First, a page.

The top English clubs battle each week of the season in hopes of lifting the Premier League title. But there’s one period throughout the season that is jam packed. As the festive fixtures kick-off, managers are truly tested during the most intensive two weeks of the year.
Clubs rise and fall around Christmas, as some teams play four matches in a ten or 11- day period. The English League Cup is one of those extra fixtures teams participate in, providing them with a chance to add another trophy to their collection.
The success of a season is based on winning as much as possible. However, the League Cup trophy is one many teams can do without. Most managers focus on lifting the Premier League and Champions League titles, while only a few even care about the League Cup.
The Premier League offers fans a place to watch arguably the greatest soccer in the world, with supporters gravitating to their televisions for league matches. However, the same fans are not running to watch the English League Cup.
Lifting the League Cup had some meaning decades ago, but today it appears to have lost its value. Although it’s a cup competition, it continues to be overshadowed by the FA Cup, one which is far more prestigious. So why is it even necessary to have both competitions?
Most of the top leagues in Europe participate in only one league competition, as seen in Spain whose teams play in the Copa del Rey, in Germany the DFB Pokal, and Italy it’s the Coppa Italia. It’s an argument top players and managers have made in recent years as teams struggle to keep their players fit throughout the rigorous season. England should follow the other elite European countries who play in just one cup every season and keep up with modern day soccer.
But so far they haven’t.
One of the greatest challenges for Premier League teams is the exuberant number of matches they play each season. The extra competition forces top teams to rest their stars, and instead play their youngsters. Teams are stretched too thin and forced to provide a weaker side.
For many of the top teams fighting amongst the best clubs in Europe, the League Cup becomes a distraction in their quest for European glory. English teams are outshined in the Champions League due to the excess number of fixtures and the lack of rest during the Christmas period. While all of the other top leagues have a break, the Premier League teams are playing extra matches, which cripples them later in the season.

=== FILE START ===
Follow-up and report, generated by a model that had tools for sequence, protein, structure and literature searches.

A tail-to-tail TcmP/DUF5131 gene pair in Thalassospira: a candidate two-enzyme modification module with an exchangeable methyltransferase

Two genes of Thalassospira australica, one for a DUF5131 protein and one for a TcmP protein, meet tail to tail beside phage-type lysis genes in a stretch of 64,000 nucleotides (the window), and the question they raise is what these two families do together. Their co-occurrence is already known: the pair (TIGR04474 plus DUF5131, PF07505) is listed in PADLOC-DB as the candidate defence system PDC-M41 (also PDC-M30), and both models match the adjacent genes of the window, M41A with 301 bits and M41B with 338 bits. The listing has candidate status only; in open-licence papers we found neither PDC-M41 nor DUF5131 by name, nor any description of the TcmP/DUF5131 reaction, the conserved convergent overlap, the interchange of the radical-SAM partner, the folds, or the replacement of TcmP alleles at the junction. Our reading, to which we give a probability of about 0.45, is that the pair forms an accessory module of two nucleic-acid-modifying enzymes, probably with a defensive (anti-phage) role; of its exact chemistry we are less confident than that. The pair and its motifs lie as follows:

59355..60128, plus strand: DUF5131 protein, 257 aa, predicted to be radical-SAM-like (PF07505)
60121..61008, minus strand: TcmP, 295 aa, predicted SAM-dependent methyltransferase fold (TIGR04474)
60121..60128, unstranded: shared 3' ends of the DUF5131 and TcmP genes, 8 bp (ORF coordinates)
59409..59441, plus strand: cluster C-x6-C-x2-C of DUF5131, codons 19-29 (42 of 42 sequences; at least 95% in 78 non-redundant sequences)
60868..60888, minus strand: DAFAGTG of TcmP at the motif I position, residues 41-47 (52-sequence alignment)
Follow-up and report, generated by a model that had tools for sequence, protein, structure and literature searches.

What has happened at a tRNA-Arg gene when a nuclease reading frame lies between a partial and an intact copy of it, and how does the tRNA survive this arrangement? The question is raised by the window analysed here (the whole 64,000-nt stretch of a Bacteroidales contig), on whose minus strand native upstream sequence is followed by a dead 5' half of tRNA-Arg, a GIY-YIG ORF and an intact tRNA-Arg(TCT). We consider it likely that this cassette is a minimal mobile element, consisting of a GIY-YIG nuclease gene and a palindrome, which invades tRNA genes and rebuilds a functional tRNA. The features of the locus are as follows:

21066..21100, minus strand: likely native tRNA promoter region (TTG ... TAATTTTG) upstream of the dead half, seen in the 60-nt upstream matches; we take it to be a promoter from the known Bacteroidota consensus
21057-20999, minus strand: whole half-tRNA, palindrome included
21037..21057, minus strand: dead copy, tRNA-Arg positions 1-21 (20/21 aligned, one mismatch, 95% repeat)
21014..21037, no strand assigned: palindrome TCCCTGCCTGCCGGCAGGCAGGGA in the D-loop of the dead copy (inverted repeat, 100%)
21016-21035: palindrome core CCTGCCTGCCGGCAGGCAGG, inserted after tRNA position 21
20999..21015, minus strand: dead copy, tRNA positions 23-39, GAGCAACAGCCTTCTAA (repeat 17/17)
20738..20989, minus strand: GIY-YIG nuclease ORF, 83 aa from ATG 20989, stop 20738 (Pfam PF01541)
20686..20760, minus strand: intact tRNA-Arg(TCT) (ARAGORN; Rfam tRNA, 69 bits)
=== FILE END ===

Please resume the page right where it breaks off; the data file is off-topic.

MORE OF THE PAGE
The physical demand of the sport is a major concern as injuries are evident due to the excess number of matches. The lack of rest teams have is a serious concern in England and also leads to season-ending injuries.
It seems like the risk isn’t worth the reward as the winner gets very little out of the League Cup. The champions take home £100,000 ($131,000) in prize money which is considered relatively insignificant to top-flight teams. This is quite minimal compared to the FA Cup winner, who earns £2 ($2.6) million.
The Premier League’s so-called ‘Big Six’ refers to Arsenal, Chelsea, Liverpool, Manchester City, Manchester United and Tottenham. We continuously see these teams dominating the competition, leaving little hope for the lower-tier clubs. The ‘Big Six’ teams have won 11 of the last 13 years of the competition, proving once again that money and depth ultimately win the League Cup.
Even with the top teams winning, most people struggle to remember the previous winners. It’s a competition which takes a new name every few years, and one not worthy of remembering.
It’s time for England to move forward and squash the League Cup. The Premier League as a whole would benefit greatly and players and teams will be far better off if they scrap this competition.
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